Nice to know they have been thinking about this. Over at Google Blog there’s a new posting on how the big search engines are getting together to fight the comment spam blight. (The clueless spammer referred to below is still at it on this site, by the way.)
So here’s the (a?) solution:
we’ve been testing a new tag that blocks it. From now on, when Google sees the attribute (rel=’nofollow’) on hyperlinks, those links won’t get any credit when we rank websites in our search results. This isn’t a negative vote for the site where the comment was posted; it’s just a way to make sure that spammers get no benefit from abusing public areas like blog comments, trackbacks, and referrer lists.
It’ll probably require an update of blogging software to get this added automagically to links put into comments. Ah, and there’s the rub. With millions of blogs out there, can you force everyone to upgrade? It’s the Microsoft problem - once the faulty software is out there in individual hands, you can’t recall it en masse. Upgrading is a really gradual process unless there’s a very urgent reason to do so. For example, I should upgrade this version of WP to 1.2.2, as presently the main feed doesn’t validate. But there’s always something more urgent to do. This could be a great technical solution. Now we just have to solve the human side..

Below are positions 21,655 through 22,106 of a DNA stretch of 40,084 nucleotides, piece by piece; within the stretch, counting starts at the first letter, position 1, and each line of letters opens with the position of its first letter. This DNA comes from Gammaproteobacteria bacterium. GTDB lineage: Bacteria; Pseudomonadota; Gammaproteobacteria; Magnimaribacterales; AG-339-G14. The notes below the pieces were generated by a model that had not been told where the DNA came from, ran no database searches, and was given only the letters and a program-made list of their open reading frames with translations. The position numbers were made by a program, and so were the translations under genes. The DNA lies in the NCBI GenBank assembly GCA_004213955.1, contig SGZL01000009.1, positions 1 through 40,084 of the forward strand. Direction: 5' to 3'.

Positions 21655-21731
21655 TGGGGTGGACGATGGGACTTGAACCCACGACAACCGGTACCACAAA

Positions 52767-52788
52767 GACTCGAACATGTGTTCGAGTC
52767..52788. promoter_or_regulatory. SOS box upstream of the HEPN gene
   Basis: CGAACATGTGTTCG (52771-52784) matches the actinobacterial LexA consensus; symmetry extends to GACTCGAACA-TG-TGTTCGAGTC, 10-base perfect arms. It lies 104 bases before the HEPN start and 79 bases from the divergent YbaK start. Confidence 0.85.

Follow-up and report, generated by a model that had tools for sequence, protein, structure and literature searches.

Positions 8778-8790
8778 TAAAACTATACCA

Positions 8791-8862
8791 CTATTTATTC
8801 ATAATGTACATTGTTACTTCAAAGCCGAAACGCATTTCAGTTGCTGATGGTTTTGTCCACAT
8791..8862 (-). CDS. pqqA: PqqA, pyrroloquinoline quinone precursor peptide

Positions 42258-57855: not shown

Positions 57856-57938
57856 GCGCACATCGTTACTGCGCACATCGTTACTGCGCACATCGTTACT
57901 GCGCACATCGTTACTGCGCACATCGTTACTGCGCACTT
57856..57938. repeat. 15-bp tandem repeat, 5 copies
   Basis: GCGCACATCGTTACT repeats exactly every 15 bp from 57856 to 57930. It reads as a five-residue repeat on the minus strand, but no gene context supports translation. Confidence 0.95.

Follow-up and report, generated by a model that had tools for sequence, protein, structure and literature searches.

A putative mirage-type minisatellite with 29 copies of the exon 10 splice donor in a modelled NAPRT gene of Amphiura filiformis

Update 0035 (honest): I think Andrew Orlowski has this right in a piece over at The Register; as does Michael Pollitt in a comment on this post. Comment spam is, like email and Usenet spam, a ‘tragedy of the commons’ problem (everybody owns it, so nobody looks after it); made even worse in blogs because spammers can set up their own. And you can bet that they’re not going to be using “rel=nofollow” on the links they put there.
What’s also certain - as Andrew also points out - is that Robert Scoble has, as usual, completely failed to stop and think about how this will really work in practice. Furrfu! The guy’s 40, for gawsake. Is he ever going to learn?